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Keller, Gottfried

1819-90



Swiss author, born in Zurich and the most representative writer of the German-speaking Swiss.

Gottfried Keller spent some time in Germany, then returned to Zurich where he published poems. His reputation rests on a long auto-biographical novel (1855) 'Der gruene Heinrich' (Green Henry).

The work was completely revised 25 years later. Green Henry (so called because his mother made all his clothes from a single ball of green cloth) sets out to be an artist. After some success and many disappointements he returns to his native city where he finally earns some respect and contentment.

Keller is also known for a series of short stories, like 'The people of Seldwyla'.

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Kleist, Heinrich

1777-1811



German playwright and poet, born in Frankfurt an der Oder.

Kleist is considered the first of the great German dramatists of the 19th century. His best plays are still popular, and 'Der zerbrochene Krug' (The Broken Pitcher) ranks among the masterpieces of German dramatic comedy. He also wrote several masterly novellas, like 'Prinz Friedrich von Hamburg' and his finest tale, 'Michael Kohlhaas' - reflecting the problematic hero's conflicts between heroism and cowardice, dreaming and action.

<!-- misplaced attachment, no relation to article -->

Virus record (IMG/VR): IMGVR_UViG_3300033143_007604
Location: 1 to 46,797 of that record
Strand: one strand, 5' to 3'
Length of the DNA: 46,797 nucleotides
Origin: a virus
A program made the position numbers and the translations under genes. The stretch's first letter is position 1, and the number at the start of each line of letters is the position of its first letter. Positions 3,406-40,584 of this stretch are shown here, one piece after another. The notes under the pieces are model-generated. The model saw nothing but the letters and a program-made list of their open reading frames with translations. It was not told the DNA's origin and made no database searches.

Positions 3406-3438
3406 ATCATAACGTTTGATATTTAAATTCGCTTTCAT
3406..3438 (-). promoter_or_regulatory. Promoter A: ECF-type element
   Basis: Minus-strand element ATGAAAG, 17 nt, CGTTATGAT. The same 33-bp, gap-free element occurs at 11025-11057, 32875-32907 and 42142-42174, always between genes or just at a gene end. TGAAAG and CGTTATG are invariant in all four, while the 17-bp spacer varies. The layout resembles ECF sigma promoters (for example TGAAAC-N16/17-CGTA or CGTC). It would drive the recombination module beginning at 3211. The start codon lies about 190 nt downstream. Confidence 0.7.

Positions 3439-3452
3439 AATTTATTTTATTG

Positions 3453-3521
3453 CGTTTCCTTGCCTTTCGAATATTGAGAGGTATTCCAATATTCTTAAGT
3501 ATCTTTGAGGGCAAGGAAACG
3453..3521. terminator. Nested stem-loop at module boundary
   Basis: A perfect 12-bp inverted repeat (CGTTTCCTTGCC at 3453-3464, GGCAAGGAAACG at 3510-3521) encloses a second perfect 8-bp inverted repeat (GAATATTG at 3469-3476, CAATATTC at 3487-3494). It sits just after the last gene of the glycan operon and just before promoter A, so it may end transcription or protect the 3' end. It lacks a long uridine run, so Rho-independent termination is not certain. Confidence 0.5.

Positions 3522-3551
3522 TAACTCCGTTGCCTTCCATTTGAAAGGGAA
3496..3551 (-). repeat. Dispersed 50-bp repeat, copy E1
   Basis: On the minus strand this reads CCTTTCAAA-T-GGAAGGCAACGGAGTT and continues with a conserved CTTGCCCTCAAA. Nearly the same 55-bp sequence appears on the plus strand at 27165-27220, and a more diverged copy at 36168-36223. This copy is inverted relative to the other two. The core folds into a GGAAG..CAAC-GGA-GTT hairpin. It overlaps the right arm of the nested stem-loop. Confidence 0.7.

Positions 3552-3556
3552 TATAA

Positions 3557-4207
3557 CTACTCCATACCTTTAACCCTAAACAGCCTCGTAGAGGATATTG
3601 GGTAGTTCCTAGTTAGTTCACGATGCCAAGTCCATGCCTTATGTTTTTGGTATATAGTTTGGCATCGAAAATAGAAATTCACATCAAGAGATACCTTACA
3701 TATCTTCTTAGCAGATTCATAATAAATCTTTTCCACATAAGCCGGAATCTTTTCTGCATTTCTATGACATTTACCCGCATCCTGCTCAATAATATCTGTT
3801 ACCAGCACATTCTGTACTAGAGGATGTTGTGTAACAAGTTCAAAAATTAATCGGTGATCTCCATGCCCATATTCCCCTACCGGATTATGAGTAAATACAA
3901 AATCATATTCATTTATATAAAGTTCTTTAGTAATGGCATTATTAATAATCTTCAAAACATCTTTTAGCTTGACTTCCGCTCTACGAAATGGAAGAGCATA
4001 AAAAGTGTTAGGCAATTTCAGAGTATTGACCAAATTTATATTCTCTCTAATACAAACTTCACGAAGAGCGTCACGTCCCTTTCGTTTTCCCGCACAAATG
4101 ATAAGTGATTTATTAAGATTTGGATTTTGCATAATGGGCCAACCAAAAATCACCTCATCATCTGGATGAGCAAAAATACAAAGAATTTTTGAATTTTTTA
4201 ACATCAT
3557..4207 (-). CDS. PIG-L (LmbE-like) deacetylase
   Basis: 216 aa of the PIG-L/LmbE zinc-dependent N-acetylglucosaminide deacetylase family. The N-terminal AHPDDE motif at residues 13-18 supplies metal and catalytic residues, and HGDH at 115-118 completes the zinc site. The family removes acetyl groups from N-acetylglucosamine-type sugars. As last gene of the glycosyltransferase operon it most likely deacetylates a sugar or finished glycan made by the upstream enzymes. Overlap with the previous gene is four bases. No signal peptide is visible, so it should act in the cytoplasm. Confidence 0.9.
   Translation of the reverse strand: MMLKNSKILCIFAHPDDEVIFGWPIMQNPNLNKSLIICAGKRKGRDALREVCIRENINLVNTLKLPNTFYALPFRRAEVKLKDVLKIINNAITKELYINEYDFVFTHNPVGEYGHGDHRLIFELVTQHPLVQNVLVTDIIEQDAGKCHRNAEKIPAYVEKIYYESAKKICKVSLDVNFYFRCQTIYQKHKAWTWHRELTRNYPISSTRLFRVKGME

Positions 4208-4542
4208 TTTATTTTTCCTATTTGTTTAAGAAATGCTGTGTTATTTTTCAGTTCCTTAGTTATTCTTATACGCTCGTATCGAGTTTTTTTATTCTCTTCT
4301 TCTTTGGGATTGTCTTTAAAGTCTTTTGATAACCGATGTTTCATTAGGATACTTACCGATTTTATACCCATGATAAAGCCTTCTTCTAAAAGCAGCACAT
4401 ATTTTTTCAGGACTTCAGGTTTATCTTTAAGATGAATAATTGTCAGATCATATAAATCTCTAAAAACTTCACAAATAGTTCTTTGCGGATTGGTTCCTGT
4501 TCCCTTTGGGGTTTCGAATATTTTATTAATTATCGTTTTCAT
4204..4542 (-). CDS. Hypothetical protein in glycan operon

Embittered by lack of recognition accorded to him by his contempo-raries he committed suicide in 1811.

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Lessing, Gotthold Ephraim

1729-81


Critic and man of letters, a seminal mind in German literature and the first German dramatist of lasting importance.

Lessing was born in Kamenz, Germany. He studied in Leipzig, then moved to Berlin and Witten-berg after which he returned to Leipzig.
He produced the first German domestic tragedy 'Miss Sara Sampson' in 1755. His 'Minna von Barnhelm' was the first German comedy on a grand scale.

He also wrote a poetic drama 'Nathan the Wise' - a plea for religious tolerance; and another great tragedy, 'Emilia Galotti'.

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Petofi, Sandor

1823-1849



Sandor Petofi was one of the greatest Hungarian poets and a revolutionary.

He travelled extensively in Hungary, mostly on foot. In 1844 he became editor of a literary magazin. The publication of his poetry 'Versek' and 'Janos vitez' made him famous at once. Petofi's poems were glowing with political passion, and one of them 'Talpra magyar' (Rise, Hungarians), became the anthem of the Hungarian Revolution of 1848.

Petofi disappeared during a revolutionary battle but public opinion refused to believe in his death and for many decades hoped to see him return.

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